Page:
In my mind, reflection is a vital part in learning – either in traditional or game based settings. Simon used hammer as an example. He argued that player does not have to reflect how to use a hammer – it is only a hammer – just use it. Simon totally misses the point of reflection. Let’s consider the use of a hammer in an adventure game with the help of Problem-Based Gaming model (Kiili, 2007; Kiili & Ketamo, 2007). Imagine a situation where player has to open a closed box in an adventure game.
A) Player forms a strategy: He is going to open the box by hammering it.
B) Player hammers the box.
C) The box opens after few hours hammering.
S1) Player does not evaluate the opening process.
S2) Player finds another similar box.
S3) Player uses the same strategy (hammers the box)
D1) Player recaptures the experience with the hammer and understands that hammer is not the best tool to open the box.
D2) Player discovers a new strategy: He is going to open the box with acid.
D3) The box opens very easily.
So what is reflection in games? It is an activity in which player recaptures his experience, think about it, mull it over and evaluate it. The outcome of the reflection may be a personal synthesis of knowledge, a validation of hypothesis laid or a new strategy to be tested. In the hammer example (D2) player generates a new strategy because the first one wasn’t optimal (Double-loop learning). Player emphasizes the scrutiny of governing variables in order to generate better strategy to open the box. Unlike double-loop learners, single-loop learners (S1-S3) tend to only operationalize the chosen goal and playing strategy, rather than challenging and developing it.
The hammer example shows the role of reflection in gaming. However, this isn’t the best example – the activity is so simple. Try to consider reflection in different context – for example in business gaming involving lot of decisions on the use of working shifts, the amount of machines in production lines, the amount of employees etc. I argue that in complex games the meaning of reflection is emphasized. This lays challenges to learning game designers.
- How can we design such feedback mechanisms that trigger reflection?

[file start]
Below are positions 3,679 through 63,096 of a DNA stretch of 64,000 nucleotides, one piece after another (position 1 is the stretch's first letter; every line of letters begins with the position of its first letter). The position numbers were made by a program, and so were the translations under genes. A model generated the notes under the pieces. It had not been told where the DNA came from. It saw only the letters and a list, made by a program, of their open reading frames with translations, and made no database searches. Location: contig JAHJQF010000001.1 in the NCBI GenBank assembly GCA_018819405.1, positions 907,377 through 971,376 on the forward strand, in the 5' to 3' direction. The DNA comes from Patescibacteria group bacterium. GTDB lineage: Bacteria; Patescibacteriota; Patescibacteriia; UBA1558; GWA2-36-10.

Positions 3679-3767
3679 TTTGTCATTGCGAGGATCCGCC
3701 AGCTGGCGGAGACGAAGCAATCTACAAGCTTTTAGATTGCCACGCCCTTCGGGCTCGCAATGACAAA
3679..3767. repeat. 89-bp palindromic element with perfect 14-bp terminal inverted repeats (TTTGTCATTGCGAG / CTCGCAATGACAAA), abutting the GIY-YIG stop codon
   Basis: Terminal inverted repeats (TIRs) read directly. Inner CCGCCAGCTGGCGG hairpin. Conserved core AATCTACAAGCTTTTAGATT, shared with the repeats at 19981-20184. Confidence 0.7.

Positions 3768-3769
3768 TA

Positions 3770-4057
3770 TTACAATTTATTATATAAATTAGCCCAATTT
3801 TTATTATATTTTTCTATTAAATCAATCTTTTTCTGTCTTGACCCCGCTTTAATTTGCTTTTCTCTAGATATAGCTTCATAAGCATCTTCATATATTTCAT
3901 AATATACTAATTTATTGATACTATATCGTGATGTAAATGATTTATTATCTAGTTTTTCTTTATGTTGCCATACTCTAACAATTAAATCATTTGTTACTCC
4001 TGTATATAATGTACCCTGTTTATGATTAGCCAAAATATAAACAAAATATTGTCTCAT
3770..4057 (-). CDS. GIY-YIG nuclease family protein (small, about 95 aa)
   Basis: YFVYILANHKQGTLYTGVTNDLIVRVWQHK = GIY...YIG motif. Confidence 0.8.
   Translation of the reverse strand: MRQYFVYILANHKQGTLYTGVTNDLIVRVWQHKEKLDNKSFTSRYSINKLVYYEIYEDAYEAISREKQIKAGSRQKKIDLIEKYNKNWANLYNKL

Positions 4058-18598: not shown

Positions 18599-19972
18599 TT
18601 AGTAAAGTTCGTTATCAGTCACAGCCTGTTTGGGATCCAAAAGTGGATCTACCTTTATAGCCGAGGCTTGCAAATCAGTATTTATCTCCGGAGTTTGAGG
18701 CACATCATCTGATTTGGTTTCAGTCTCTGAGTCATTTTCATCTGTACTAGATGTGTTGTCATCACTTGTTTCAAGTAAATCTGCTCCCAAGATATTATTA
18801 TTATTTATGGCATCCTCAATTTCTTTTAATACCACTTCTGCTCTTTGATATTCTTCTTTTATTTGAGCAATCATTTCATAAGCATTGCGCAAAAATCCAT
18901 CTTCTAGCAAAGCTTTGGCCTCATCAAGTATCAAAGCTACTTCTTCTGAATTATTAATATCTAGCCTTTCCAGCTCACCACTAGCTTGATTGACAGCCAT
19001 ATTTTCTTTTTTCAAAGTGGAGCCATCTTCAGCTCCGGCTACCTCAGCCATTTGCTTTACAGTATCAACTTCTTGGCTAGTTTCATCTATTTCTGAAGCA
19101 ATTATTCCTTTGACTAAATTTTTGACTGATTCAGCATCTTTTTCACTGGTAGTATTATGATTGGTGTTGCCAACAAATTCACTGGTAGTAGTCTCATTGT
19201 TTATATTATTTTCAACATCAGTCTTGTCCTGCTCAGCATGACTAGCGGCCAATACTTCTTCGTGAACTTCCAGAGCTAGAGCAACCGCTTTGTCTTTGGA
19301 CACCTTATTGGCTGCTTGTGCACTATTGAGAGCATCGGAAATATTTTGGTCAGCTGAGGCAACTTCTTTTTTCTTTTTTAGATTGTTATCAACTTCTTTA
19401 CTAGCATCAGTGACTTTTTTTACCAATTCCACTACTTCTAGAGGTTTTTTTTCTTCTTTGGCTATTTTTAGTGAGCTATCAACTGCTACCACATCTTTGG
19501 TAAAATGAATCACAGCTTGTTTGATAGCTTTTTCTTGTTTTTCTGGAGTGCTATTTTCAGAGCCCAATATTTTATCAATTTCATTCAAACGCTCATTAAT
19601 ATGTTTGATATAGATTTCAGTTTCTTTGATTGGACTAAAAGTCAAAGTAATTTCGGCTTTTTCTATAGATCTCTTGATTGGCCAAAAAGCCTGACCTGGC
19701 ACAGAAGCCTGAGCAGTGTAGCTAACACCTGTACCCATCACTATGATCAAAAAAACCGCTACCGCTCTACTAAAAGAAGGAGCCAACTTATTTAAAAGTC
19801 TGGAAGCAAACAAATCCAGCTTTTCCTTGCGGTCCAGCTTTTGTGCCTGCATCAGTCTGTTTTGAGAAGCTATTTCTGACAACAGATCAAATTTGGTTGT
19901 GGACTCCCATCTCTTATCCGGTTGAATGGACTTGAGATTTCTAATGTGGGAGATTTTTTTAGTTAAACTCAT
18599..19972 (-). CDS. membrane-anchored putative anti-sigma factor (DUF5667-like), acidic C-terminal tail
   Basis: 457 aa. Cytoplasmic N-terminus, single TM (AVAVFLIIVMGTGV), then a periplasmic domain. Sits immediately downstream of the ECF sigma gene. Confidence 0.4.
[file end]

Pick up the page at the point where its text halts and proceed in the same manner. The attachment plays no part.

- How can we support double-loop learning?
- How can we avoid gulfs of evaluation?
- How can we avoid cognitive overload?
Unfortunately, the educational technology field has lacked of structural approaches to design reflection. Thus, I decided to do my bit in arousing discussion on this topic. In the ECGBL I proposed a Reflection Walkthrough method that can be used to design reflection patterns. Reflection Walkthrough (RW) is an expert evaluation method conducted by educational technology experts. In Reflection Walkthrough, the evaluator aims to locate cognitively problematic issues, as well as to discover ways of providing more effective forms of cognitive feedback, thereby stimulating players to reflect on their problem-solving strategies and solutions created.
RW is still in an early development stage and the article reported the first empirical evaluations of the method. According to these results RW seems to be a promising design method. However, the real power of RW can’t be determined due to small sample size. More research in different kinds of contexts and with games in different developmental stages is needed in order to validate the method and empirically prove its usefulness. The full description of the method and the related study can be found from the proceedings of the ECGBL 2008.
I am looking for colleagues to work on this topic. So, if you are interested to test RW don’t hesitate to contact me. We could further develop the RW method together.
To conclude, I argue that reflection needs to be taken into account when designing learning games. If the game doesn’t trigger reflection, the production of engaging stories, amazing graphics and awesome sounds are just waste of resources. Conceptual change is the key to success.
Welcome to the world of game based learning. In this blog I will share my thoughts and research results about learning games and related issues. Ha! Is the theoretical approach too boring for you? Don’t worry. I will also provide you a chance to play some prototypes of games that I am developing. Because I don’t believe in totally free lunches, I expect some feedback as a corresponding term. Basicly, I am aspiring something like a Living Lab.
I will also provide some reports of events that I have participated. In fact, I am traveling to Barcelona tomorrow. So, I will share the highlights ofEuropean Conference on Game Based Learningwith you pretty soon.